The new USB plug does not pass the way! Therefore, take a closer look. Where does it come from? The doubling of the data rate compared to the previous model?
By Andreas Aigner, Business Development Manager of Würth Elektronik eiSos
The latest generation of USB makes the name “Universal Serial Bus” a great honor, because in the telecommunications, USB 3.1 and the new connector type C will be established as a large area as a standard. But not only telecommunications and consumer products require higher power supply and faster data transmission. The same applies to industrial applications, such as portable measuring and test equipment.
Therefore, a closer look at the plug design is worthwhile: How is the doubling of the data rates to 10 GBit / s – compared to USB 3.0 – and how does the specification USB 3.1 differ from the previous generation?
The new USB3.1 connector in detail
Firstly, EMC performance has been improved by changing the shielding. Second, modifications to the protocol result in approximately 20 percent more bandwidth. USB 3.0 uses an 8b / 10b encoding. With USB 3.1 one has switched to a 128b / 132b coding scheme. Simultaneously, the tolerable jitter was decreased from 200 to 100 ps on all transmit and receive lines to reduce the bit error rate (BER) to 10-12.
Impact on the connector types
With type A connectors, the hardware is slightly modified due to the amplified shielding, but the connector remains down-compatible. Two pins for the power supply and the recognition of the plug-in state are added to the power-delivery-compatible plug.
The connector type B as well as the micro connectors are identical to the specifications of USB 3.0, but they have additional shielding.
Completely new is the plug Usb type C: by 24 pins it is pluggable on both sides and also supports power delivery. The socket of type C can also be plugged on both sides. This eliminates the problem of the “Falschherum plug” for the first time. With a plug-in force of 5 to 8 N, the Type C connector not only requires the least amount of force required to plug it into the socket; it is – like the Micro B – designed for 10,000 plug-in cycles.
Pin assignment for type C
The pin assignment of the C type connector is shown in Figure 1 (Picture gallery). Pins A1 to A12 correspond to the pins B12 to B1 in descending order, whereby the associated plug can be used as desired. The pins A1 / B1 and A12 / B12 for the ground connection as well as A4 / B4 and A9 / B9 for the bus voltage together with pins A6 / B6 and A7 / B7 as a data pair and a corresponding adapter ensure the downward compatibility to USB 2.0. The A2 / B2 and A3 / B3 (Super-Speed Transmitters) as well as A10 / B10 and A11 / B11 (Super-Speed Receiver) pins can also be connected with an adapter to ensure compatibility with USB 3.0. The pins A5 / B5 serve as a configuration channel and the pins A8 / B8 for sideband use – this is the main difference that makes USB 3.1.
A fully populated type C connector has only 22 pins, since the contacts B6 and B7 are not available for avoiding interferences and disturbances due to too tight conductor routing. The six flanges in the housing of the 5-A socket hold the plug securely.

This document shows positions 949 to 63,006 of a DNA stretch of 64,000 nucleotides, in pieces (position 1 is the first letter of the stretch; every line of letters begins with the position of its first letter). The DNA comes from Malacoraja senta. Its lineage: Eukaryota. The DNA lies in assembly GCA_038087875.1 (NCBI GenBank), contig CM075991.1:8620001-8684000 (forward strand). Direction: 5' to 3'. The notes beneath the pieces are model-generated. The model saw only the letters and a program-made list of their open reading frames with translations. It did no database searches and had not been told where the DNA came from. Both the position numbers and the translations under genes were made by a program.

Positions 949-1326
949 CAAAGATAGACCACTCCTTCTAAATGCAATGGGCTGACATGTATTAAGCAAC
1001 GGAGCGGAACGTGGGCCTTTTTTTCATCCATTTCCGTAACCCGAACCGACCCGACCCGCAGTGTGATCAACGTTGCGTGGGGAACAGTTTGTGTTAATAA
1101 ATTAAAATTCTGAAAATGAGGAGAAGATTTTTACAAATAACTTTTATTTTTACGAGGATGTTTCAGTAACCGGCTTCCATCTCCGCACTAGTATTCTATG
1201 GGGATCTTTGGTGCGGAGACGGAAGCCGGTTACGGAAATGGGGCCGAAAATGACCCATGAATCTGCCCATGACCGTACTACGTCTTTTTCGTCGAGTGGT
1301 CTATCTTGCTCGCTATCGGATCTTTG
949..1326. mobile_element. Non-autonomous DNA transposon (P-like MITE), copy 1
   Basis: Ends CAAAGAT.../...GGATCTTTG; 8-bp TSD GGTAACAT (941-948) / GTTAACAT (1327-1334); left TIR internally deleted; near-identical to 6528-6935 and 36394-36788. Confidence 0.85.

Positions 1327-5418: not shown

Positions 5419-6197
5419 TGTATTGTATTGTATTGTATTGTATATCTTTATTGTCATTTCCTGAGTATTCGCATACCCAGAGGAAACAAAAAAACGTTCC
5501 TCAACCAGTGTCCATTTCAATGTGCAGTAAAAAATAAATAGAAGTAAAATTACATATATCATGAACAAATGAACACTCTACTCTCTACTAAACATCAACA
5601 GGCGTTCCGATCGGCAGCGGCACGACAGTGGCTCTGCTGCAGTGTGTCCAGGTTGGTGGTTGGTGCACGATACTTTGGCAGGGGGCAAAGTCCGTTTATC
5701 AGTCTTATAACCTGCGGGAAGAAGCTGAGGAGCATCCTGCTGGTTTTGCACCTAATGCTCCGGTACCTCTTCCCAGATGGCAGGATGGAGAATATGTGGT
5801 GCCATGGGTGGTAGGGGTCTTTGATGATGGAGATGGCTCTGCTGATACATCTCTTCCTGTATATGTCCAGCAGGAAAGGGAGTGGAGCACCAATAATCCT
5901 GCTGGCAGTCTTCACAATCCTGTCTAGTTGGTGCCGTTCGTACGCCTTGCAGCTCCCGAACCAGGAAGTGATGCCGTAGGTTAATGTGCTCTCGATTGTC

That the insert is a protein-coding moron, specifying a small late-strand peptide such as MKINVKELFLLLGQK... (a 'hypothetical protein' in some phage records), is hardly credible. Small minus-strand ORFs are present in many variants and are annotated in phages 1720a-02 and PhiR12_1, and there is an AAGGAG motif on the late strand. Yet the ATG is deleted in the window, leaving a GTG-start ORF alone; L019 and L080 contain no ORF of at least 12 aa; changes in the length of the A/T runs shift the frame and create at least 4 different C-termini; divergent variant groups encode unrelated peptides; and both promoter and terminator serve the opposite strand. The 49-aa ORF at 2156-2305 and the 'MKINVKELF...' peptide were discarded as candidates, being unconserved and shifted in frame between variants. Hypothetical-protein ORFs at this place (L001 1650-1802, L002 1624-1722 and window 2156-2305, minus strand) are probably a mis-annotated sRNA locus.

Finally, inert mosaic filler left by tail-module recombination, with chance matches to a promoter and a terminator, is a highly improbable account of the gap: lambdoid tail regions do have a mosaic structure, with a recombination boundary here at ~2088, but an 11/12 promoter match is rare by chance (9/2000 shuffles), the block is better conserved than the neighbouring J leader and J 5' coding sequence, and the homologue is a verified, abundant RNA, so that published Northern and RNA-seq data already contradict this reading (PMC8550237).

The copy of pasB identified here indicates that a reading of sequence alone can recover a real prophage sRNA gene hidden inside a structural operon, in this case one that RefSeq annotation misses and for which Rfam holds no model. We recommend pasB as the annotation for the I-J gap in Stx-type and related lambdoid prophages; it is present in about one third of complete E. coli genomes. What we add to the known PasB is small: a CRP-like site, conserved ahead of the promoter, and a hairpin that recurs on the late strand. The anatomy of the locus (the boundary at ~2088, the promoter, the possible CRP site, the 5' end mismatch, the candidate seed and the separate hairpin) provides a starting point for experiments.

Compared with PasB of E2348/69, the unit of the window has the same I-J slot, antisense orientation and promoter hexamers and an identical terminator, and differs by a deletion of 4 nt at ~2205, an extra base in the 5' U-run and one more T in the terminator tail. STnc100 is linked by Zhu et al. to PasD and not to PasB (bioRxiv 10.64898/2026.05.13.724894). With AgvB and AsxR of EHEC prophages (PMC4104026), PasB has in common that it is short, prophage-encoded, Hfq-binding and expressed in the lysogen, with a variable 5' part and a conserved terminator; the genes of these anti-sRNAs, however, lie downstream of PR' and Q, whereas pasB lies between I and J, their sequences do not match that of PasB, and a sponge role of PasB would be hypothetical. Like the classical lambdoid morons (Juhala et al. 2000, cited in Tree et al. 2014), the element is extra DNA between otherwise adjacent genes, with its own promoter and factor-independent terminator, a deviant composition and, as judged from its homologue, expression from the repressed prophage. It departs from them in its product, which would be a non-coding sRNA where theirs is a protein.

USB plug under the magnifying glass, part 2
Würth Elektronik supplies the sockets »632723×00011« for SMT as well as THT mounting on 1.0 and 1.6 mm printed circuit boards. Compared to other bushings available on the market, these are longer: due to the larger bearing surface they offer a greater holding force. The nickel shielding is 200 μm twice as thick as most of the competition products. Under the designation »632712000011« the matching 3 V connectors are available. Würth Elektronik also offers Type A connectors (632121300001). Because the Power Delivery Detection function also provides a power supply of 20V in both directions, they are ideal for connecting displays, including 4K / Ultra-HD resolution (3,840 × 2,160 pixels) with one Refresh rate of 60 Hz. If all data lines are used for the transmission of the video signal, even a 5K resolution (5,120 × 2,880 pixels) is possible. Both the Type A and Type C connectors are TID listed.
Differences in cable types
Differences to USB 3.0 and USB 3.1 are also available with the cable: instead of nine cores with USB 3.0 now under the sheathing of cable type C now 15 wires are hidden. This also affects the specification of the cable length: USB 3.0 Super-Speed, also known under the name USB 3.1 Gen1, is still 3 m allowed, it is with USB 3.1. Super-Speed +, also known as USB 3.1 Gen 2, only a maximum of 1 m. Würth Elektronik leads the corresponding cables in the program.
For the use of USB 3.1 in the industry, for example, for sensor real-time monitoring, it is above all the fact that no special cables are required anymore! Especially for measuring setups the cable diversity is thereby reduced. The faster data transmission and the possibility of plugging the plug as desired into the socket reduce the time required. The option that the connected devices can load each other will also be of great use in maintenance, where a portable measuring device and a tablet are often required.